I never had any briefers, I never had any administrative assistants, and my theory was this: anybody that I would want as an administrative assistant would not want to be one; they would rather be out doing honest work somewhere. And I just got it straight from the people who were doing it. Do not have a big personal staff.

I will never forget old Sam Walton, one of the richest men in the world, who was standing out in the aisles of his store almost until he died, listening to his customers. I can tell you stories about Sam for a long time. I will tell you Sam is ten years older—was ten years older than I am. My son is in his mid-30s. Anytime we were together I was too old for Sam because Sam was forever young. He would go straight to my son Ross and say, "We are both pilots," and, you know, pretty soon they were refighting their wars or something with their hands, but I just love the fact that here is this very elderly man who had the spirit of a 35-year-old. He was too old to fly. Only his dog would fly with him. Sam could have bought a 747; he had a Cessna and he and his dog would go flying. That is a wonderful spirit to have. No matter how great your company is, always be restless, never be satisfied.

And I am going to close now with one story that sums everything I have said today. When our company had grown to substantial size, suddenly the biggest procurement in the history of the computer industry appeared, and we just had to go try, even though we were far too small to participate. When the dust cleared there were two finalists. The Bad News Bears, my company, and the New York Giants, IBM. Not even fair, right? IBM assigned 350 people and a five-acre computer center to this project; it was going to be a two-year war. We assigned 15 people and no computer center. Thirty days after we started our great president I told you about earlier, Mort Myerson, walked in the room where 15 people were working, and they said "You know we cannot win, but this will be a good experience." Now here is leadership, folks.

Mort did not chew them out, Mort did not say sissies. Mort walked up to the front of the room, said, "Fellows, you are missing the point." And he wrote down out of his head— and not many presidents of companies could do that—the seven criteria by which we would be judged in this competition. He says, "We are going to beat them seven to zero," and he walked out of the room.

That group was on fire. They organized themselves into seven two-man teams, one person in charge, and that is the day we won. Two years later I was with the team when the war was over and they had won. They had gotten their raises, they had gotten their bonuses, they had gotten their stock options, they had created thousands of new jobs in the company. We had a big party that night to celebrate. This is the day it happened. Now recognize and reward people while they are still sweating from the effort. General Motors said, "Ross, how could you get it through all your committees?" I said, "I did not have any committees; that is the way I got it through all the committees." We got in a room and figured out what to do and did it that day. That night we got together to celebrate. They will always remember the day they won, they will always remember the raises, the bonuses and the stock, but the only thing that will really matter when they are old and sitting on the porch and telling stories, is that they beat the biggest and best in the world seven-zero.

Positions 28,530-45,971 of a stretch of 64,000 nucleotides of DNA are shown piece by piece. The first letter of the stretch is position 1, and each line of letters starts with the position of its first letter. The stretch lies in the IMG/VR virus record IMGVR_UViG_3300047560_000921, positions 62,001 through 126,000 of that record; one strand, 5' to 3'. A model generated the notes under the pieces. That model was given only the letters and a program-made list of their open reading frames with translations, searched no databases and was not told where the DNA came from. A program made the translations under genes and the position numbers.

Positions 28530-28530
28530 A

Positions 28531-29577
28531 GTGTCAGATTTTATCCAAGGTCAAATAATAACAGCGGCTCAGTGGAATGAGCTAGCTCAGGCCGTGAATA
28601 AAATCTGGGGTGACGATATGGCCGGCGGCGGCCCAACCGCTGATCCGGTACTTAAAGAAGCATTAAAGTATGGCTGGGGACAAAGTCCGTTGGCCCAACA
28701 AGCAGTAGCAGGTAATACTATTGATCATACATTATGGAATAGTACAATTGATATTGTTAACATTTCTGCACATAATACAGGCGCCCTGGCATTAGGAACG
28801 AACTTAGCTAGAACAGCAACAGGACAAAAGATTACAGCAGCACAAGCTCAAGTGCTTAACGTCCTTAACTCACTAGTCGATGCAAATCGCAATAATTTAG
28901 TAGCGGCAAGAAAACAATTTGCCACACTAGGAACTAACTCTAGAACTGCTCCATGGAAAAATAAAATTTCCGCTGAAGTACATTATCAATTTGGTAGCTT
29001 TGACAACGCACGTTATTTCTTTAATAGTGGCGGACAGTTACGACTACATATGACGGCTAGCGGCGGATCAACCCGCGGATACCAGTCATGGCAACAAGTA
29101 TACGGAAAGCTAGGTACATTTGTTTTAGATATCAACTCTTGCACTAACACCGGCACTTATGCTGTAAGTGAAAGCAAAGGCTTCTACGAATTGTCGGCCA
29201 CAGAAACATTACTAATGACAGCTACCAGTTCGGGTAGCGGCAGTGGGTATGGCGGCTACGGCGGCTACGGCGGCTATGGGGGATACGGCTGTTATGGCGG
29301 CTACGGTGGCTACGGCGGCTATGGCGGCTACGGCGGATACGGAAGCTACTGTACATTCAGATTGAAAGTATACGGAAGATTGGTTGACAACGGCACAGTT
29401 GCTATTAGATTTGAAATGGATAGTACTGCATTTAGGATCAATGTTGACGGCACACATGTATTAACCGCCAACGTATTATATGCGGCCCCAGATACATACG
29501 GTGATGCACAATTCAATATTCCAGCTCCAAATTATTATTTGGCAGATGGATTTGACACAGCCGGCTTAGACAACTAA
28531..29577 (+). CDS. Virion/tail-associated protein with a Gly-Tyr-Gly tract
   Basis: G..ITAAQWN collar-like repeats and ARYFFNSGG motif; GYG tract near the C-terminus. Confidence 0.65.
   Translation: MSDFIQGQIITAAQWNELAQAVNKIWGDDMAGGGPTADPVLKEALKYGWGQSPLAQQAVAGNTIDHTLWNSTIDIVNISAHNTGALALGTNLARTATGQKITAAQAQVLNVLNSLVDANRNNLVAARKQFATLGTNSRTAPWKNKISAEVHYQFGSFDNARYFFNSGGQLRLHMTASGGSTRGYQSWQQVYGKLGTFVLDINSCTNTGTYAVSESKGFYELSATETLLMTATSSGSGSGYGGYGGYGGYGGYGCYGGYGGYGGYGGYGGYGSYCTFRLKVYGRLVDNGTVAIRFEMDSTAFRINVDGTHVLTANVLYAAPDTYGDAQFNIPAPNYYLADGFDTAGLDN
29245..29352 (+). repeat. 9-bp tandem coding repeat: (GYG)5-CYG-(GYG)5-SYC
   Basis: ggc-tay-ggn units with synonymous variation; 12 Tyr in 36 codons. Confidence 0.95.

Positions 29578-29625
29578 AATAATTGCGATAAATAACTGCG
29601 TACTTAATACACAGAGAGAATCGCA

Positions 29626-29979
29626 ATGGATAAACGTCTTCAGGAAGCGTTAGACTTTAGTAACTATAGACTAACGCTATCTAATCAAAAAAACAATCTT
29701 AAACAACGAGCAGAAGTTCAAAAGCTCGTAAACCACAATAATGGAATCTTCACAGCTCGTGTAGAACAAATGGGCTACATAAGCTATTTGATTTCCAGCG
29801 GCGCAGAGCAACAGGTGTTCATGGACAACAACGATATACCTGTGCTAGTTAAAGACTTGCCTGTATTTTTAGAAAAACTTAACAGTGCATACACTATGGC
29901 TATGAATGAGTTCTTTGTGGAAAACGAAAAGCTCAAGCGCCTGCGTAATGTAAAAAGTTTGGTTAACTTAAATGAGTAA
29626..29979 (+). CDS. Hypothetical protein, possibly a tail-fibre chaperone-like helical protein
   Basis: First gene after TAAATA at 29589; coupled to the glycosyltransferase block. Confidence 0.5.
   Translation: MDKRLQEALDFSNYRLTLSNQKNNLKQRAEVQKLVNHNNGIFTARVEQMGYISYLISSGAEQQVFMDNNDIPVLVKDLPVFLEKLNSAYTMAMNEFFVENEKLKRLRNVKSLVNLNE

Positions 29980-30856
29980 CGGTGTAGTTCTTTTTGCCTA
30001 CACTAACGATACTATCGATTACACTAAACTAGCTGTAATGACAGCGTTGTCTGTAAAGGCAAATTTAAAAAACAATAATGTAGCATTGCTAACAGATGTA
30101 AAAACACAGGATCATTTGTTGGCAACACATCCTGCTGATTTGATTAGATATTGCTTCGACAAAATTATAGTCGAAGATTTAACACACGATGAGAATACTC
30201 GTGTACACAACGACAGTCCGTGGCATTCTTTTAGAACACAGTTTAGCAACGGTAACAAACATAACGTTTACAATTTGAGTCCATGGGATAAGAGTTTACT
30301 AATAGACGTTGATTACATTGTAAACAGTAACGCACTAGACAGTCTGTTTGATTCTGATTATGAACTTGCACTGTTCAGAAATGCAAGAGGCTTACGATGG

Guess what? Our competitor had a four-three philosophy. That is not fair, right? If you have a seven-zero philosophy, your competitors have a four-three? See, our people were intentionally competitive. Bring me people who love to win. Nobody was going to make it six-one, and the rest was history.

Finally, you get a lot of satisfaction. Thousands of people who work for you will be able to buy nice houses. Their children will be able to go to colleges. They will be terrific taxpayers. Now these are the things that should motivate you as a person to build a business. But the main thing to remember is you will have good days and bad days, and there will be days when it looks like it just ain't going to work. Just remember, the most successful people I have ever known were too dumb to recognize when they failed, and their big successes rest squarely on the earlier failures.

Now I hope that some of this will be of use to you in your careers, and we will spend the rest of the time talking about anything you would like to talk about. It is a privilege to be with you. Thank you.

The transcription of this Landon Lecture was accomplished through the cooperation of the Kansas State University Libraries and the Office of Mediated Education.